“Let’s talk about what happened when you first took the job,” Fannie replied, putting down her salad fork. “Did you have any clear future plans then?”

This obviously was a rhetorical question because Fannie, as a future version of me, already knew what had happened. Still, I gave it serious consideration and got my thoughts in order before I answered.

“No, I didn’t really—and that seems strange now, given the fact that I started in a temporary position and had no assurances that it would become permanent. I was mainly focused on the skills that I was learning, and I felt confident that I would be able to use them in a future job, whatever it might be. At the time, I didn’t worry about not having long-term career plans.”

Fannie took a bite of her tuna sandwich and chewed thoughtfully, as the sky grew darker and I heard a faint rumble in the distance. It sounded like thunder; but considering the sci-fi surroundings, I guessed that it might be traffic noise from flying vehicles instead.

“Well, then,” she finally asked, “what changed?”

Several potential answers came to mind before I was able to settle on one. “Mainly my perspective. By now, I’ve seen what can happen to people who wander through life without plans or who get overconfident in their assumptions. A lot of comfortable jobs disappeared during the recession, and the economy still feels shaky—but it’s not just that. With the world changing so fast, I now feel like I could easily miss out on something good because I didn’t know where to look.”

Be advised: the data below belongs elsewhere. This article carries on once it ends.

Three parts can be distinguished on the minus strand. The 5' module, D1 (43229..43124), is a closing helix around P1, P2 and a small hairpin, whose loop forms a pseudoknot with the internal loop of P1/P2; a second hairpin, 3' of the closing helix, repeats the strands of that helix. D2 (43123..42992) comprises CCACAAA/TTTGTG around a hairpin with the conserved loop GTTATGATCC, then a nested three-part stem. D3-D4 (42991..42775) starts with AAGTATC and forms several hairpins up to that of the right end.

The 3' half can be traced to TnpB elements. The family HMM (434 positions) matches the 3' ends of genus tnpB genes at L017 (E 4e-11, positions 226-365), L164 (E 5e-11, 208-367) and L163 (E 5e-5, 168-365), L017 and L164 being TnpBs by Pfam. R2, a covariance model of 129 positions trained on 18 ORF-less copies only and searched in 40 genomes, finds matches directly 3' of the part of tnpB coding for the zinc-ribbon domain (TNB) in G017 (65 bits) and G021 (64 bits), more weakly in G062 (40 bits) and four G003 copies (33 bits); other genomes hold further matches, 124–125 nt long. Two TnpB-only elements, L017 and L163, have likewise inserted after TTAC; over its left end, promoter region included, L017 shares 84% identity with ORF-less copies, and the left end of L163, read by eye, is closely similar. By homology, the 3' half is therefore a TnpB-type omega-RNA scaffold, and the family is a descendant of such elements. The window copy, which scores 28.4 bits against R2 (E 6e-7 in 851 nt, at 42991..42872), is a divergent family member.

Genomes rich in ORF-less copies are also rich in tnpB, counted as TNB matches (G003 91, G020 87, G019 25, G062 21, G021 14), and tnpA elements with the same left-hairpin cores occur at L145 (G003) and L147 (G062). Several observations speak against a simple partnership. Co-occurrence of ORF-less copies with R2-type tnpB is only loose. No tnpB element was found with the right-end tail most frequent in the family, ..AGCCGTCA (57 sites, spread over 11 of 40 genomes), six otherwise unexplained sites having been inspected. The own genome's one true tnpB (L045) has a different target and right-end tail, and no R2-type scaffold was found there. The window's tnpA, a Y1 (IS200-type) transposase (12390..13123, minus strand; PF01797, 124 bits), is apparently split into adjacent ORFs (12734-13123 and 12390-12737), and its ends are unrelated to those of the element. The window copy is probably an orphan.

Although a faint pattering of rain had by now started in the nearby trees, our picnic table was still dry. Fannie poured herself a little more iced tea before starting to put away the remnants of our picnic in the basket, which looked like old-fashioned wicker (but a closer inspection showed it was a synthetic material instead).

“To sum up,” Fannie stated in a matter-of-fact tone, “you’ve gained more awareness of possible different outcomes, and you understand that present-day choices have great power to shape your life going forward. But rather than feeling empowered by these insights, you worry about making bad decisions—or failing to make decisions when they’re needed, which amounts to the same thing.”